Not only did closures disrupt or end students’ education, but it left them in debt. The federal Department of Education allows for the discharge of federal student loans for eligible students when their schools close, the report states, but not everyone qualifies or successfully completes the process.
A Government Accountability Office report from 2021, researchers said, shows that of 246,000 borrowers who weathered school closures between 2010 and 2020, only 80,000, or 32.5%, had their loans forgiven. These students, the GAO reported, collectively owed $4 billion, with the median debt hovering around $9,500 per student.
The study found, too, that private for-profit, two- and four-year institutions enroll a disproportionately large number of students of color: in 2018, 12% of all students of color enrolled in postsecondary institutions eligible for federal student aid attended for-profit institutions.
Re-enrollment rates overall were highest among women at 49%, white students at 62.5%, and traditional college-age students with the youngest, those 18-20, fairing the best at 54%.
Those who re-enrolled within one to four months were the most likely to earn a credential, coming in at 47.6%: Those who waited a year or more were the least likely at 18.7%.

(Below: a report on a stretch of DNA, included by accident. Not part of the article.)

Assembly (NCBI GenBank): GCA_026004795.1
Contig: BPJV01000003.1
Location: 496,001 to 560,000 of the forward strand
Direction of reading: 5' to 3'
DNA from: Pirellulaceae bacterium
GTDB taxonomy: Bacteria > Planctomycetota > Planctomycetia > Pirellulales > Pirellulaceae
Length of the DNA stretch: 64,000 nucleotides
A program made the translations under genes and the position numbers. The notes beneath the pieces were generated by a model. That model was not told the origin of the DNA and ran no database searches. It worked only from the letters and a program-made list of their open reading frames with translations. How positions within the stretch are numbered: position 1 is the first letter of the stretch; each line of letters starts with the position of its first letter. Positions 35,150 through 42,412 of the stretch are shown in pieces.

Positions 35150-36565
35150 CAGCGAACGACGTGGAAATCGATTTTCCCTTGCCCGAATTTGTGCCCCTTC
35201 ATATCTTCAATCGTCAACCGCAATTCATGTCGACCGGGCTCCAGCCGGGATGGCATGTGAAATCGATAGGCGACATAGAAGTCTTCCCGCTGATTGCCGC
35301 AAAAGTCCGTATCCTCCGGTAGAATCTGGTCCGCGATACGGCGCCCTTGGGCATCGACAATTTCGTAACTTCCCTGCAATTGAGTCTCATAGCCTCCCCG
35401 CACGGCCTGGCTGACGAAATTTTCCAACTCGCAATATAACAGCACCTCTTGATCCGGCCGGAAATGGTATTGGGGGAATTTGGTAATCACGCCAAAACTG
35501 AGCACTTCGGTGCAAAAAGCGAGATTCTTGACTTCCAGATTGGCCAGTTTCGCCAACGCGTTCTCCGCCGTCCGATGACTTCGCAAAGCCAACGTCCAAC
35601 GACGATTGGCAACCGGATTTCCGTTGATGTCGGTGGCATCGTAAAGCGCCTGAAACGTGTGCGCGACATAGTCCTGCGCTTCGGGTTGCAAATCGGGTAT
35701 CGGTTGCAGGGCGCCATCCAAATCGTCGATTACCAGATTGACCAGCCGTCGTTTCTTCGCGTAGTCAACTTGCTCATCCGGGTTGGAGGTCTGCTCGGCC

In several ways, the long-term findings on college closures mirror the nearer-term impact of the pandemic when college enrollment plummeted, particularly at community colleges which serve many low-income students of color.
Nearly 12,000 campuses of institutions of higher education closed during the years examined by the study — often because of loss of accreditation related to financial challenges — and more have been added to the list since then, including Lincoln College of Illinois.
The 157-year-old school survived a major campus fire in 1912, the Spanish flu of 1918, the Great Depression, World War II, the 2008 global financial crisis, according to its announcement, but it could not overcome the economic devastation of the pandemic and the impact of a crippling cyberattack.
The school, which served 756 students in 2019, many of them first-generation college-goers, shuttered in May. Roughly 44% of the student body was Black.
Student Jaylah Bolden, who has since transferred to another school, told The Washington Post earlier this month that many of her friends were not able to make that leap and now are not enrolled anywhere.
“They lost their faith,” she said. “We didn’t give up on school. School gave up on us.”
Researchers said abrupt closures in the private, for-profit four-year sector had the worst and most profound impact on re-enrollment rates.
This marks the first of three reports. The second, expected in early 2023, will quantify closures’ impact on students by comparing them to those whose schools did not shutter. The last will examine how state policies affect student outcomes, comparing students who experienced closures in states with stringent protections against those attending schools without such safeguards. No release date has been set for the final report.